Dogs live in the present – they just are! Dogs make the best of each moment uncluttered by the sorts of complex fears and feelings that we humans have. They don’t judge, they simply take the world around them at face value. Yet they have been part of man’s world for an unimaginable time, at least 30,000 years. That makes the domesticated dog the longest animal companion to man, by far!
As man’s companion, protector and helper, history suggests that dogs were critically important in man achieving success as a hunter-gatherer. Dogs ‘teaching’ man to be so successful a hunter enabled evolution, some 20,000 years later, to farming, thence the long journey to modern man. But in the last, say 100 years, that farming spirit has become corrupted to the point where we see the planet’s plant and mineral resources as infinite. Mankind is close to the edge of extinction, literally and spiritually.
Dogs know better, much better! Time again for man to learn from dogs!
Welcome to Learning from Dogs
A guest post all the way from Australia.
A few days ago I received a friendly email from Alex in Sydney, Australia.
My name is Alex and I work for Spoilt Rotten Dogs, a boutique dog care centre in Sydney.
In an effort to improve community awareness and knowledge about dog care, we are looking at contributing to high profile blogs like Learning From Dogs by sharing tips and information provided by professional carers, vets, and groomers. I’ve learned from your site that you are looking for guest contributors.
I’ve recently written a post that I think fits pretty well with your site especially that you are based in Australia. It’s about the best places in Sydney to walk your dog. I’m sure your readers will find it really helpful.
I politely replied to Alex pointing out that Learning from Dogs was based in Southern Oregon and not Australia and thus a guest essay on walking one’s dog in Sydney was unlikely to have huge reader appeal! ;-)
Unperturbed, Alex then replied with a guest essay that seemed much more pertinent to dog lovers right across the world. It now follows but not before I declare that there is no connection between this blog and Alex’s dog care centre. The following image is taken from the home page of the website for Spoilt Rotten Dogs.
5 Tips to Dog Proof Your Backyard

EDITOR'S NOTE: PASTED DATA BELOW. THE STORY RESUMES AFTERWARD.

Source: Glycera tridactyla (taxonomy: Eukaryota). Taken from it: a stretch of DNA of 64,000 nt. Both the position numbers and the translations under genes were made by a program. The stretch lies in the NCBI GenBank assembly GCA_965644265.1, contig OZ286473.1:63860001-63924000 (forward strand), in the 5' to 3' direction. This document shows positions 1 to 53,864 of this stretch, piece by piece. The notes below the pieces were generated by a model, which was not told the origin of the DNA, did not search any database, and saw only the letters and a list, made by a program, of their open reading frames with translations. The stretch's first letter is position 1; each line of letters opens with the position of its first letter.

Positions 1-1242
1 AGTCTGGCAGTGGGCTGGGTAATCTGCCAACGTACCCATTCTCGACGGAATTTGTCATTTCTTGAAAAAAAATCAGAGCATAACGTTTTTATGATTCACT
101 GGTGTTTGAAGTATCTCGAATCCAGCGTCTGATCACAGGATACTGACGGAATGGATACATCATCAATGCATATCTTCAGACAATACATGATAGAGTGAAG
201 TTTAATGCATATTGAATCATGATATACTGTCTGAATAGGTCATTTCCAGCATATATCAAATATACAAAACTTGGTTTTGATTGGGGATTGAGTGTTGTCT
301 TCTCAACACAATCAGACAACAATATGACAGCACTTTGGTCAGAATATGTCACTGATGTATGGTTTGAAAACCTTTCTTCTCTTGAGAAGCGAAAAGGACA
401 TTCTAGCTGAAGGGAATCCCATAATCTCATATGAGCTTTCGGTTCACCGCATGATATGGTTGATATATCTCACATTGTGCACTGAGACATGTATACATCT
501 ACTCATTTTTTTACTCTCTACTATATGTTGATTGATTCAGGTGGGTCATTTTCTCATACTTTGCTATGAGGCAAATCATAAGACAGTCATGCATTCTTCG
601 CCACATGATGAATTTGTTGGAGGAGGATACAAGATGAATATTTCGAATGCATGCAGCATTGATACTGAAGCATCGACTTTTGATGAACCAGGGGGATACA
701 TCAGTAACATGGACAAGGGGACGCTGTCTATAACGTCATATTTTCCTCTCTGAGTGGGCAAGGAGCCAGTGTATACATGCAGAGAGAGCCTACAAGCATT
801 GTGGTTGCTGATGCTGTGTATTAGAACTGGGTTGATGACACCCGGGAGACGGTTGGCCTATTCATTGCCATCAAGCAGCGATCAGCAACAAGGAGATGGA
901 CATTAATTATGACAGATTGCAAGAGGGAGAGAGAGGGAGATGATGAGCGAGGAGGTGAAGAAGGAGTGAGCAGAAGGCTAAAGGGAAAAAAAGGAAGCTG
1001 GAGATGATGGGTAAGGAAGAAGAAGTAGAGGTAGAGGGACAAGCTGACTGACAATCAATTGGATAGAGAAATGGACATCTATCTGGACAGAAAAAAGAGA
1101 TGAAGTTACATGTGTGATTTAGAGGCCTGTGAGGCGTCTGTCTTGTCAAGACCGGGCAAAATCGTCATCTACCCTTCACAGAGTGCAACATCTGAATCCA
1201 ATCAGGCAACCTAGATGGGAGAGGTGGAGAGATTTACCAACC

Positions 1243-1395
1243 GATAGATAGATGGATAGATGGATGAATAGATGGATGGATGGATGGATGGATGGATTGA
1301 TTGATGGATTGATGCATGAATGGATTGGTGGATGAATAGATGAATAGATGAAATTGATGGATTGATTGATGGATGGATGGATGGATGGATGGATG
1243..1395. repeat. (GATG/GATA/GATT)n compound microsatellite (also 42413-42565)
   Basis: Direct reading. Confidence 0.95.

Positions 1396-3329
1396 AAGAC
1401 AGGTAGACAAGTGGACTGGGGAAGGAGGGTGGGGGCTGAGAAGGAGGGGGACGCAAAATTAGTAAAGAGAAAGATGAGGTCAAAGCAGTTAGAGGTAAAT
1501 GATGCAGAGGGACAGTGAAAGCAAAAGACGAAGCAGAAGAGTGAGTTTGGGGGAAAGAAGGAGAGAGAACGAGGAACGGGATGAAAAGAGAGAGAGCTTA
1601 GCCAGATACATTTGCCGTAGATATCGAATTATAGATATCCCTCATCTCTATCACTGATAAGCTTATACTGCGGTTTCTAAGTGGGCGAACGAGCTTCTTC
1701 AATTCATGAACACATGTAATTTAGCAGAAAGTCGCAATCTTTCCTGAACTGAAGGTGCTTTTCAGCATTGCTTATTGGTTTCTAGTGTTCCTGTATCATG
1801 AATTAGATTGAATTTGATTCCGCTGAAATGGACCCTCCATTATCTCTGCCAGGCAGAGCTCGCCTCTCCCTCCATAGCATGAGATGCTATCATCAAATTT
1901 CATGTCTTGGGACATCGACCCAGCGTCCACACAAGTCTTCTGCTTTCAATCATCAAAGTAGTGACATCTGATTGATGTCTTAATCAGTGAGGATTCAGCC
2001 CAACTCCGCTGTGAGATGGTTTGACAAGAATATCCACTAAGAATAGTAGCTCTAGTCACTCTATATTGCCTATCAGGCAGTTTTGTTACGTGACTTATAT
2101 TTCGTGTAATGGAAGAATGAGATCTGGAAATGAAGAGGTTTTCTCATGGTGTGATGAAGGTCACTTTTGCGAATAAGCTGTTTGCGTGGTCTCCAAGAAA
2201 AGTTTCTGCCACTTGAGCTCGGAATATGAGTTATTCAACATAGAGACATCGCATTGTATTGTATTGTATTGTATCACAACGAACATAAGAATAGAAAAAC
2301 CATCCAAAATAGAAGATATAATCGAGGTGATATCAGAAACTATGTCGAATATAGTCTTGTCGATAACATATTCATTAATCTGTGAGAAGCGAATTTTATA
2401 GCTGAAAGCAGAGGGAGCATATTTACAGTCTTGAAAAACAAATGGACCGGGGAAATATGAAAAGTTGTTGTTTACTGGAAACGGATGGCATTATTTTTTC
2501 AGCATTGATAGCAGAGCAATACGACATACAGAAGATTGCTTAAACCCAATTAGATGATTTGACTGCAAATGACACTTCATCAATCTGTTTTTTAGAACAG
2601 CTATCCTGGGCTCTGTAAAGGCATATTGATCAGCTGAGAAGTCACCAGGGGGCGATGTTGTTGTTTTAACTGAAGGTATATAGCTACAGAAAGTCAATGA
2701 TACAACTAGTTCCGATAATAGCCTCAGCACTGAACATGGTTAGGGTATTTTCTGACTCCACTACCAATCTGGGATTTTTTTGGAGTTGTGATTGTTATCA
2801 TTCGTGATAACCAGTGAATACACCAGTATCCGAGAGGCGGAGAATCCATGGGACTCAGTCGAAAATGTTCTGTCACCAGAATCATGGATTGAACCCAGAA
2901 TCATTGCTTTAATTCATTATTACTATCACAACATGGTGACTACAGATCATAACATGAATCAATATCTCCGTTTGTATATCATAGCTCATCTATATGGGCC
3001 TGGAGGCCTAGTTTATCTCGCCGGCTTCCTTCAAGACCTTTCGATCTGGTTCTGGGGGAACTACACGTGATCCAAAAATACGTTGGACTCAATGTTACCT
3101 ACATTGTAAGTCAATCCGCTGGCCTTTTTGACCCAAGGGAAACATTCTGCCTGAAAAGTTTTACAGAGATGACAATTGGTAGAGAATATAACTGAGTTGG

Regardless of the fact that you really love your dogs, you cannot keep your eyes on them and supervise their activities all the time. However, this doesn’t set you free from the responsibilities that you have towards your pets either.
In order to ensure that they are living in a safe, secure, and hygienic environment, it is necessary to observe some basic safety precautions. These safety measures will not only ensure that your pets are far away from all types of risks and dangers but will also put an end to the complaints that you have been receiving for their ill behaviour when they start barking when someone passes by or stands near the backyard fence.
For your assistance, here we present you 5 useful tips to dog proof your backyard.
Fencing the Yard
Creating a boundary around your backyard is the first and foremost step to ensuring your pets’ safety. It keeps your dog inside your property and safe from other animals roaming around the neighbourhood. It is suggested that you choose the material of the fence, depending on the temperament of your dog. If your dog gets excited or furious when it sees someone around the yard, use opaque fences. You can opt for reed fencing that is neat, cheap, and also helps in maintaining privacy. On the other hand, if your dog has a calm nature, you can use regular wooden fences to surround your yard.
Sheltering for All Weathers
It has been observed that dogs are very sensitive to climatic changes. Whether it’s the scorching heat of the summers or chilly winds of the winter, your dogs need an appropriate home to maintain their body temperature. Instead of considering the entire open yard as their home, you should place a small yet spacious doghouse for them to live in.
It’s not just external dangers or outsiders that can cause harm to your dog, as there are several things inside your backyard that can put your pet into trouble. Wondering about those? Sharp and pointed tools, pest traps and pest treating chemicals, as well as pools, toxic plants, and so on; can all cause harm to your beloved dogs. Therefore, keep all such items and areas, out of your dogs’ reach.